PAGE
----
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Fauci said U.S. can return to normal when COVID resembles the flu—but COVID deaths are still 10 times higher

March 8, 2022, 12:54 PM UTC

Governments across the world are desperately trying to return to normal and live with COVID as an endemic disease akin to the flu.

But a new report released on Monday says this action is premature, at least in the U.S., considering COVID-19 deaths are still 10 times higher than those from the flu.

“Make no mistake, the United States is far from a normal situation,” states the 136-page report, drafted by 53 scientists, doctors, and public health experts. “The shift to the next normal should not induce complacency, inaction, or premature triumphalism.”

The report, led by former Biden transition team COVID-19 advisory board member Ezekiel J. Emanuel, says going into March 2022 the U.S. was still experiencing 35,000 hospitalizations per day and 12,000 deaths per week from COVID. The only greater killers in the U.S. are heart disease and cancer.

The country would normally tolerate only 1,150 deaths a week from the flu or respiratory illnesses caused by RSV (respiratory syncytial virus) before putting in place emergency mitigation efforts, the report noted, calling the number of deaths from COVID-19 “intolerable.”

The report sought to design a road map for exiting the pandemic, noting that without one, people’s behavior would diverge as COVID fatigue sets in: “In the absence of a road map, [the U.S. people] seem to follow whichever expert or outlet is closest to their preferences.”

Fauci’s advice vs. the report

U.S. Chief Medical Adviser Anthony Fauci said in February the world was nearly over the full-blown first phase of the pandemic, that the worst may be behind us, and that the world was “approaching normality.”

While the report agrees, noting, “Optimism is justified,” it adds, “Inaction is not.” It says two factors have become critical as the world exits the pandemic: COVID fatigue and new variants.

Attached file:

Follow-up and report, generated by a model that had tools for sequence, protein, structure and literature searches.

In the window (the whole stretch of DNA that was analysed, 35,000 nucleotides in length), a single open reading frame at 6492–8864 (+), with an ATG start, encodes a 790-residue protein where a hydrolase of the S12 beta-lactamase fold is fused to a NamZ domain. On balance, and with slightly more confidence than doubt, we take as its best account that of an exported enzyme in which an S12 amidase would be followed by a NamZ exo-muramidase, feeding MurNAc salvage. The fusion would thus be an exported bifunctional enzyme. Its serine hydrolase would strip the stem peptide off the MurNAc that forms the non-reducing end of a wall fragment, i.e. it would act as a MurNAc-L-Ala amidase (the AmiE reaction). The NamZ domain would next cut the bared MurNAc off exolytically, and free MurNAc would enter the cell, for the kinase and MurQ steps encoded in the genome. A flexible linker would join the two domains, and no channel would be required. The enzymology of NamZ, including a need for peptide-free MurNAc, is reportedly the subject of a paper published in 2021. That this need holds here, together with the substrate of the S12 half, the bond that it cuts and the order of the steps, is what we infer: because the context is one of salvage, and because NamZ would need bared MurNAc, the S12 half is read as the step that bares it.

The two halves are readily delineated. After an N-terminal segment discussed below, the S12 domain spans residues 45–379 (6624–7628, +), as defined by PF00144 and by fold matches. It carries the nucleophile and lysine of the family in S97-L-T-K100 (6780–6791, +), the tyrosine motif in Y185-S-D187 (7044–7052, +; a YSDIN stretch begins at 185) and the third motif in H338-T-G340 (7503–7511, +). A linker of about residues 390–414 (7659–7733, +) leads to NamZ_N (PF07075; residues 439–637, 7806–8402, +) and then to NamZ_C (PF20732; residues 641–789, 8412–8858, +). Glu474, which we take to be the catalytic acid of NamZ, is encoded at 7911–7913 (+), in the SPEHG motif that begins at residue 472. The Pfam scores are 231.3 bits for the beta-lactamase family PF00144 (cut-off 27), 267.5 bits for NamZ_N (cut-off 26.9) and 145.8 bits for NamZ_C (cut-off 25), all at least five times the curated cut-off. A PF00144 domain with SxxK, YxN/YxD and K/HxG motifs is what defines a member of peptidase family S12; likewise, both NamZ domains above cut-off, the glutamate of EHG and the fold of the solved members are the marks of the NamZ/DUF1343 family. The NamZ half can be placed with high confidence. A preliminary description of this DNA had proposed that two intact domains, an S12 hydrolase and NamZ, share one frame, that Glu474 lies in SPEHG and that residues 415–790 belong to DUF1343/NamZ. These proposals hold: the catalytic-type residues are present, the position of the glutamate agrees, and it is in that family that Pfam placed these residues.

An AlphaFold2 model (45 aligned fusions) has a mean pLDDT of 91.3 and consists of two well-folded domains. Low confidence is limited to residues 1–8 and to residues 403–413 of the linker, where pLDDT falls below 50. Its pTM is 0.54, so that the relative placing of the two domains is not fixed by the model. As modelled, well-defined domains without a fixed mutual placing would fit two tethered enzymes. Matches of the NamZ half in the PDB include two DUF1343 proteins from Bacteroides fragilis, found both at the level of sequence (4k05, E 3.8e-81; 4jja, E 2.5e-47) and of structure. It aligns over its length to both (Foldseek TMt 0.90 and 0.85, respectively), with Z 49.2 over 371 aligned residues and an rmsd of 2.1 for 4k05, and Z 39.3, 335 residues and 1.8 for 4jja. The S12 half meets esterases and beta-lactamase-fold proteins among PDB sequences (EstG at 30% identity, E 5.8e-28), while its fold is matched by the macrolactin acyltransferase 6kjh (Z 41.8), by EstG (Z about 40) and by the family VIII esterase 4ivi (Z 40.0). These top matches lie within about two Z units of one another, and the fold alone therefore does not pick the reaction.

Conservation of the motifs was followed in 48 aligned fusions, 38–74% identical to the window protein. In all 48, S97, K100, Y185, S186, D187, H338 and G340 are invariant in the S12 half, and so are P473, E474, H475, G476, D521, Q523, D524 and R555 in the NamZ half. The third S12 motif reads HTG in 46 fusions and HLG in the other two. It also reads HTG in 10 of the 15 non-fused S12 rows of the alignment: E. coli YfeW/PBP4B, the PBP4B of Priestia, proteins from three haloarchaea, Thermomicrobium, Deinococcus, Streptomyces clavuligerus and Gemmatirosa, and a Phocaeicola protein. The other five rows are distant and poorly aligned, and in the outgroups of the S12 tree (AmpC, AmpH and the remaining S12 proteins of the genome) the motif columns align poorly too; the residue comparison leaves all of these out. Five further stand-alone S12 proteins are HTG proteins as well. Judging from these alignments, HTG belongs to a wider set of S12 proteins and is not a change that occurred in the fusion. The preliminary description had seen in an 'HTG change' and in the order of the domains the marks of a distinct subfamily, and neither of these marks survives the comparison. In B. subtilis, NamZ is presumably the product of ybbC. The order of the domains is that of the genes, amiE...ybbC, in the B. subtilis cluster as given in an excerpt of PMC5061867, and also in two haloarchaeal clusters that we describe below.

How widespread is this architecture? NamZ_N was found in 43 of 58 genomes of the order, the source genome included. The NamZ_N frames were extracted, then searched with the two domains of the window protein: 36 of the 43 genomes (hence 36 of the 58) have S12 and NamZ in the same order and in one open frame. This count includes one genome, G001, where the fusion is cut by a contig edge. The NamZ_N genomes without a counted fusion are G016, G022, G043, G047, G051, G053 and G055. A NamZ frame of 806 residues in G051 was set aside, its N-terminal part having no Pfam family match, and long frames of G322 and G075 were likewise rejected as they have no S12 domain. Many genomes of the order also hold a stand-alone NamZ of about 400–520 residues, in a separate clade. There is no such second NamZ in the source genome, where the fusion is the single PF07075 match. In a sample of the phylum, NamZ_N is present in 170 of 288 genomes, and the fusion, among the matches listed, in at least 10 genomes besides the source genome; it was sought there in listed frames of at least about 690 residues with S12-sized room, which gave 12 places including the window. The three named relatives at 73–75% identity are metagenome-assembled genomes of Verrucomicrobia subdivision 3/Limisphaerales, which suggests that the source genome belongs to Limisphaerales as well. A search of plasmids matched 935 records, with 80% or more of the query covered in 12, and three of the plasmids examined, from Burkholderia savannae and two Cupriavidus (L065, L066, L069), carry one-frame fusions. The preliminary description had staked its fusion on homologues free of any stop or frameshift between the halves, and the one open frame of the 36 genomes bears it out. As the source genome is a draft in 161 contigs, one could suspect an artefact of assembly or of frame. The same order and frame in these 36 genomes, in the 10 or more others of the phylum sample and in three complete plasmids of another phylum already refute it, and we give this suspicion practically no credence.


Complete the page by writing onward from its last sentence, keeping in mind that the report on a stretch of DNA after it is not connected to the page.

To combat these two risks, the report calls on the U.S. government to invest more in monitoring and preparing for future COVID threats. The report demands more investment be made in manufacturing antiviral pills, so they can be developed as quickly and as effectively as the first vaccines. The study also expects the virus to develop resistance to antiviral drugs, and predicted a cocktail of antiviral pills will be needed to face future variants.

The Food and Drug Administration (FDA) has already authorized two COVID-19 antiviral pills—one from Pfizer, the other from Merck—in December for prescription usage for hospitalized COVID patients. It also authorized the antiviral drug remdesivir as a treatment for nonhospitalized COVID patients in January.

Fauci noted in a recent interview on Bloomberg Television’s The Close that COVID drugs like Pfizer’s Paxlovid that keep high-risk patients from hospitalization and death are becoming plentiful as production scales up.

The report also calls for the federal government to do a better job providing clear, evidence-based advice about when and for whom additional vaccine booster doses are needed. The National Institutes of Health has yet to conduct studies to define an optimal dosing schedule or combination of vaccines, with the study noting “more insight is needed into whether prior SARS-CoV-2 infections offer protection similar to two doses of vaccine.”

The ambivalence of those comments reflect ones made by Fauci in early February, when he noted that annual vaccine boosters might not be needed, as once was expected. “It will depend on who you are,” Fauci said in an interview with the Financial Times, “but if you are a normal, healthy 30-year-old person with no underlying conditions, you might need a booster only every four or five years.” 

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